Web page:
With the details classified, one has nothing but media speculation to go by and draw inferences on how the nurses were freed. Narayan succeeds in creating an edge-of-the-seat rescue plot that is very believable as it steers clear of bravado and jingoism. The tight screenplay and crisp editing (Narayan himself, assisted by Abhilash Bhalanchandran) ensure there is never a dull moment.

It’s hard to find fault with the rescue operation, but the wry smile of Manoj at his decision not to send the nurses with a foreign rescue mission that ends fatally being proved right is insensitive to the plight of the Bangladeshi and Pakistani nurses who were killed in the bus attack.

For such a gripping and entertaining film, the title is quite dull. For those who may not be aware of the 2014 rescue, Take Off sounds like a spin-off of the Akshay Kumar-starrer Airlift (2016), which was based on the evacuation of Indians stranded in Kuwait ahead of the first Gulf war.

Airlift was a commercial success, but it lacked soul. While director Raja Krishna Menon did an honest job, watching the Indian actors in Airlift you never got the impression that they are in a stressful situation. Also, the Punjabi protagonist Ranjit Katiyal (Akshay Kumar) robbed real hero Mathunny Mathew (one of the persons on whom Katiyal's character was based) of credit. 

While a filmmaker has the freedom to adapt a real-life incident into a film in his language, such stories are best told in the language of those who endured the pain and the horror. One of the most riveting scenes in Take Off is when a disturbed Ibrahim, who disapproves of his mother’s relationship with Shaheed, runs out of the hospital. A curfew is broken yards away, and Ibrahim runs in the direction of the charging mob before he is stopped by an Iraqi soldier. He turns around to see his sobbing mother rush to him and jumps in her arms. However, also in his line of sight is Shaheed, who is following close behind. That scene so wonderfully underlines the complexity and predicament of the relationship among the three.

After the film, Narayan said it was made at a modest budget of Rs6.5 crore. Looking at the visuals, especially the locations, that is hard to believe. The director revealed that the best part of the film was shot in India, with the filmmaker showing some portions of the Iraqi town of Najaf while Tikrit and Mosul were shot in Hyderabad and Kerala, respectively. Credit to his Narayan and his VFX team.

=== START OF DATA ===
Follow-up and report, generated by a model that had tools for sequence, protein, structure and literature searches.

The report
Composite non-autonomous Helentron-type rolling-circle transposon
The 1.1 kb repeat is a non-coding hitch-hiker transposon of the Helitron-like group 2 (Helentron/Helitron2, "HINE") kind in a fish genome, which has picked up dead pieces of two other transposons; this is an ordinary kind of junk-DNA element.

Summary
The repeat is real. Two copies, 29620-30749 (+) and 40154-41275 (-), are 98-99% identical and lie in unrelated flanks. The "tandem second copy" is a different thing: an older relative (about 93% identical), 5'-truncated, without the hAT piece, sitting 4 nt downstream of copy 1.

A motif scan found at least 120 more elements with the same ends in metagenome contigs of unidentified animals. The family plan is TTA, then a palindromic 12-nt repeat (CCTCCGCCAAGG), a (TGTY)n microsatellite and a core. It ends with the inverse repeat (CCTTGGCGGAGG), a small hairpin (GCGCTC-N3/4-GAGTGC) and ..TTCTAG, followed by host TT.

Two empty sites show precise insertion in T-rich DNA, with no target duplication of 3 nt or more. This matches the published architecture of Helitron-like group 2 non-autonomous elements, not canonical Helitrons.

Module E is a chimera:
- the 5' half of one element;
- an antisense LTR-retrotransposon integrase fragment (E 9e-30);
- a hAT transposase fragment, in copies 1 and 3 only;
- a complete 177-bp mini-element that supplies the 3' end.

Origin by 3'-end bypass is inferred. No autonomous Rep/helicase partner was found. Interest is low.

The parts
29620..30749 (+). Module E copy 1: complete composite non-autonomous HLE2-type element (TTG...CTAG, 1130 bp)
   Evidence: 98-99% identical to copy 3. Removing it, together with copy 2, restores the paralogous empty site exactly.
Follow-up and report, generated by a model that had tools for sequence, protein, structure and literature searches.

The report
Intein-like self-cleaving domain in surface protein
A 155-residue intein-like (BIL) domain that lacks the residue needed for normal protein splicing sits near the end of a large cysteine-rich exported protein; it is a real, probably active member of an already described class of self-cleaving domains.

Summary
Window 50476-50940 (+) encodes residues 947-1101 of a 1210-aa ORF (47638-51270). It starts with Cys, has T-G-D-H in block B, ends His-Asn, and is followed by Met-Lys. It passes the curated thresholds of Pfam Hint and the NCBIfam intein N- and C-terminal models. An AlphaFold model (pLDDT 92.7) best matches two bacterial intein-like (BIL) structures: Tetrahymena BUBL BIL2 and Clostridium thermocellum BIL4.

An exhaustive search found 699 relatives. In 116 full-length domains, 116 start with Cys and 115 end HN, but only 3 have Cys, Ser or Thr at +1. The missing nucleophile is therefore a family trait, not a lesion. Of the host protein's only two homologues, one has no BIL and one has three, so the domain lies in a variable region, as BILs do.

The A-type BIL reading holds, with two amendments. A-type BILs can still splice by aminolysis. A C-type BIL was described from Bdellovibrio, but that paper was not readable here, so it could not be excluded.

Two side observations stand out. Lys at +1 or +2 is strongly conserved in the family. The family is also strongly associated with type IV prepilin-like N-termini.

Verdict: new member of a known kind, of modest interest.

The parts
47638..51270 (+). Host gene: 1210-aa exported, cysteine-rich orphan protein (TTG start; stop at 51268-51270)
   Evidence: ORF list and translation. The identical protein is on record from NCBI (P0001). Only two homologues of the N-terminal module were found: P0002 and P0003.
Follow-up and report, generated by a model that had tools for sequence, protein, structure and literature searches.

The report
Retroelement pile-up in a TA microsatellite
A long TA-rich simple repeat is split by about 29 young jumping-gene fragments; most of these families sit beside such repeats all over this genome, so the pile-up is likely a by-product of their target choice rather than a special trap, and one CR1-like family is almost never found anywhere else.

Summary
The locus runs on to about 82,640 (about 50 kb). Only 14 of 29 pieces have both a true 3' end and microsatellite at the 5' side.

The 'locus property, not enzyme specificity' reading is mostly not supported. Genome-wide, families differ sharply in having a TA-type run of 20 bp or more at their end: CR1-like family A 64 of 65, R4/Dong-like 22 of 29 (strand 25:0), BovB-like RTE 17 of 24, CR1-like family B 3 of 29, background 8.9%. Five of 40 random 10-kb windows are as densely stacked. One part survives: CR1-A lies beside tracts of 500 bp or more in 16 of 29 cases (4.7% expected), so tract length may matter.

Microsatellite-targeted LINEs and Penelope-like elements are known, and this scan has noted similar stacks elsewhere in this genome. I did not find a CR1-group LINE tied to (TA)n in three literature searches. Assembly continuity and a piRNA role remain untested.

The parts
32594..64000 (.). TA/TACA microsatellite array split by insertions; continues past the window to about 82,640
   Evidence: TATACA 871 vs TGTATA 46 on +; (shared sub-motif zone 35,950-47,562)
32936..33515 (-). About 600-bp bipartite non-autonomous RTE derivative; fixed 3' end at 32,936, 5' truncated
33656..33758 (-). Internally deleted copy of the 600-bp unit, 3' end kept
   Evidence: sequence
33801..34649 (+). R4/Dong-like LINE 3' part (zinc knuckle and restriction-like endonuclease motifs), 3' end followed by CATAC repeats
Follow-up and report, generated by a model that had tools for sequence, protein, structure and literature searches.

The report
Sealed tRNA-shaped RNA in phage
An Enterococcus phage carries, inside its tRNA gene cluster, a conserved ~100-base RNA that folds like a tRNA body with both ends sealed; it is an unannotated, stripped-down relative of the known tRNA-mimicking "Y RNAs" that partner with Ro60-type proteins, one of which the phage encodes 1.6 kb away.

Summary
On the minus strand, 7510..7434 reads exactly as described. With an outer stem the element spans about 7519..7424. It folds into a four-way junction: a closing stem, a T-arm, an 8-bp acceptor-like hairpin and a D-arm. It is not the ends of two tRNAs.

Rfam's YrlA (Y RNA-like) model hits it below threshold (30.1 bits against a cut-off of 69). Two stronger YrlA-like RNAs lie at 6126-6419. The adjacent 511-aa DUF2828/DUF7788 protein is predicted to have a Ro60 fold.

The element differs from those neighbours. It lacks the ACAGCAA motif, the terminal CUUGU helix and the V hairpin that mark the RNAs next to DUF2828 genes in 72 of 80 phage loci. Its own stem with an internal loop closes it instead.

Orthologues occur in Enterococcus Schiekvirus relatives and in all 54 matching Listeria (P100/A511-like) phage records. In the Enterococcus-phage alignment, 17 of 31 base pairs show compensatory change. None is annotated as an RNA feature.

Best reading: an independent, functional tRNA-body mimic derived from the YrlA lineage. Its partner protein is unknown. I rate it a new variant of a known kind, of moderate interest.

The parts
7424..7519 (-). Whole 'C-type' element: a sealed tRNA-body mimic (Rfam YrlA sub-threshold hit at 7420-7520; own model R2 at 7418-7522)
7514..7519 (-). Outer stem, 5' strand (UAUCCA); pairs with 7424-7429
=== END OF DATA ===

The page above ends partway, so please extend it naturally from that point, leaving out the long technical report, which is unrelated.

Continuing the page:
The robust screenplay is backed by superlative performances by Parvathy, Boban and Faasil. It is only the second time I have seen Parvathy. She was a bit awry in her maiden Hindi film Qarib Qarib Singlle (2017), but she is at home in Malayalam. Scarred by the past, Sameera is a strong character, yet she is also impulsive, as seen from her hastily arranged second marriage.

Parvathy embodies the body and soul of Sameera. The complexity of the relationships with her husband, son and former husband leave her vulnerable, but Sameera is transformed into a feisty and wily woman who would give her life to save her family and fellow nurses. Parvathy is flawless in the personal and external crises. She is a healer in the true sense. The natural talent flows smoothly. Take a bow, lady.

As against Sameera, Shaheed is calmer, composed. But bravery is not always about throwing punches and Kunchacko Boban plays his part with the utmost sincerity. 

Equally impressive are Fahadh Faasil and Prakash Belawadi. The former is a talent that Hindi cinema needs to keep an eye on. One must also appreciate seasoned actress Rukhsar Rehman who plays the Kurdish wife of the slain Iraqi doctor. She has no words to say, no tears to shed in the film, and yet she moves you with her grim intensity.

The real-life rescue brought great joy to the nurses, their families, and the country at large. However, of the 46 freed, 15 are said to have returned to the Gulf region. As director Mahesh Narayan said, when he made the film there was just one thought in his head: why do our women travel to these troubled lands? Poor pay and lack of dignity of labour back home force them to make the tough choice.

Given how West Asia continues to be on the boil, we can only pray that one doesn't need another Take Off.